Category Archives: Web media
Here is a quick animation I made to help people understand what this product does.
Some more of my work below…
A video I created about how to refinish a deck.
I recently started helping to develop a YouTube channel that has been around since 2010. I joined the team that creates content for the channel, and have been sharing some of my ideas to improve our efforts. One of the things we started to do right away was create an editorial calendar with the goal of publishing one video per week.
It’s no secret that publishing regularly will help the performance of a channel. This is one of the first, and most frequently appearing pieces of advice I have encountered while studying up on YouTube. What I did find surprising, however, is that our publishing frequency appears to be helping our overall views in a very specific way.
Video views via YouTube’s suggested video feature have risen dramatically. It almost seems like YouTube is rewarding us for publishing frequently by recommending content from our channel. And it’s not just the fresh content that is getting recommended. Videos that are over a year old, and that have almost never been viewed as a YouTube suggested video before, are suddenly getting tons of views this way.
There are lots of theories on the web about how to optimize your channel for YouTube’s algorithms. I’ve read many of them, but I have yet to see where anyone else attributes publishing frequency to how often your videos get suggested. Based on the dates that this sudden rise of views occurred, I can’t think of anything else that would have caused it.
If you are trying to build views on a YouTube channel, then I’m sure you already know to publish on frequent, regular intervals. But if you’re not doing it yet, make it a priority, and keep an eye on your YouTube Analytics. I’d be willing to bet the traffic from YouTube suggested videos gets a nice bump.
For all kinds of other tips straight from YouTube, download the Creator Playbook at http://www.youtube.com/yt/creators/playbook.html.
(Click the ad to replay)
This is my first attempt at creating a display ad using Adobe Edge Preview. I am trying to work up to creating fully interactive online advertising featuring web video. It will be a bit of a learning process, but I will share the results here on my blog. So far I am pleased with what I was able to accomplish with the software considering that it is still in pre-release beta form. Now that I have the basics down, I will try to create even more complicated projects. Wish me luck!
I just completed a web production class at UW-Stout. One of the projects was to build a narrative web site, which you can see here. One warning though, a modern browser with HTML5 capabilities must be used. Internet Explorer will NOT display the site correctly! Current versions of Firefox, Chrome, and Safari work fine with best results in the latter two. Continue reading
Here is a look behind the scenes of the photo shoot from my last photography class at UW Stout. This timelapse video was recorded with my Samsung Galaxy Nexus phone. I uploaded the video directly from my phone to You Tube. Then the music and dissolves were added with the built in video editor at youtube.com/editor.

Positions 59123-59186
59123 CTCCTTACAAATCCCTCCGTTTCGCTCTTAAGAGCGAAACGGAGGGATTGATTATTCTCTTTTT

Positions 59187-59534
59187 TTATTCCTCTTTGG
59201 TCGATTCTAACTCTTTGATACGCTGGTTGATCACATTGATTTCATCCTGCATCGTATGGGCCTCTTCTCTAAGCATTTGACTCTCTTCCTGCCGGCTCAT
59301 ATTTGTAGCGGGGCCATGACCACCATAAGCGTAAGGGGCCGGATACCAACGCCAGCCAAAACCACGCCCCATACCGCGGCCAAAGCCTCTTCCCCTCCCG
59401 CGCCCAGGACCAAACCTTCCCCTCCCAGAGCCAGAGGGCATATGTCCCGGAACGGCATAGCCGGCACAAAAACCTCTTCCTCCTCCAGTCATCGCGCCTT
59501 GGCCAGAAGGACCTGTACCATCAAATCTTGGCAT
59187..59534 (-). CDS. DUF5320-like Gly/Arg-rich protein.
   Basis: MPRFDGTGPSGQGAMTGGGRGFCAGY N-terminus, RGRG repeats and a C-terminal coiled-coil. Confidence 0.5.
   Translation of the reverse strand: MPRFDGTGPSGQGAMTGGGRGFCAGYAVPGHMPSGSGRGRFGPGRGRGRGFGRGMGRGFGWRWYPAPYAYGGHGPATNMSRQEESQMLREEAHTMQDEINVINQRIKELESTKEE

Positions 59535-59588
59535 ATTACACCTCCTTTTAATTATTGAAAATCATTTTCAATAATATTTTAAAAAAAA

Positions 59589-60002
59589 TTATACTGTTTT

It has been nearly a month since my last post, so here is an update. Most of my efforts lately have been going into my coursework in the UW-Stout MS-ICT program. Basically I have either been shooting video for the Web, or researching different methods of distributing video on the Web.
I will be posting some more video work on the blog very soon. I am in the process of finishing up a commercial campaign project for a video production class. Shooting for the project was a lot of fun. I got to use a new piece of equipment that the university recently purchased, a three foot slider. It looks similar to this one on Amazon.com. In my opinion putting a HDSLR on a slider is a recipe for beautiful footage. I’m looking forward to the post-production.
Last week I finished a research paper on HTML5, and the transition away from plugins for Web video. The e-book Dive Into HTML5 proved to be an extremely valuable resource. It covers everything from browser support for the HTML5 video tag, to supported codecs, and falling back on Flash in older browsers.
Like a lot of other people, I have struggled to make Facebook work for me as a career building tool. Facebook is a huge social network, and it would be nice to take advantage of the size for professional networking. There just doesn’t seem to be any good way to do it. Many people have created fan pages as a way to lead a double life on Facebook, saving their public interactions for their page rather than their profile. I too tried that. The problem is that nobody ever sees my page. Even if you clicked the link on my blog, you had to log in to Facebook before you could see the page. Then you can click “Like” or maybe comment on a post, and that’s pretty much the end of it.
Google+ is still pretty new, and still kind of empty compared to Facebook or Twitter, but it has a lot of potential. G+ lets people interact with me personally, rather than a page about me. The interactions can be public, shared with a limited group, or private. All I wanted to do on Facebook was share stuff like links and photos quickly, and let other people share with me too. With a little more development, I think Google+ could replace my Facebook page, Twitter stream, and You Tube channel. All it needs is users.
Since my Facebook fan page really never had users, I don’t see the point in keeping it. It’s gone. As long as my friends are using Facebook, I will keep using my profile, but the fan page was useless. For public or professional networking, I will start over with Google+. In fact, I kind of hope this is the beginning of the end for fan pages, and the senseless over use of the “Like” button in advertising.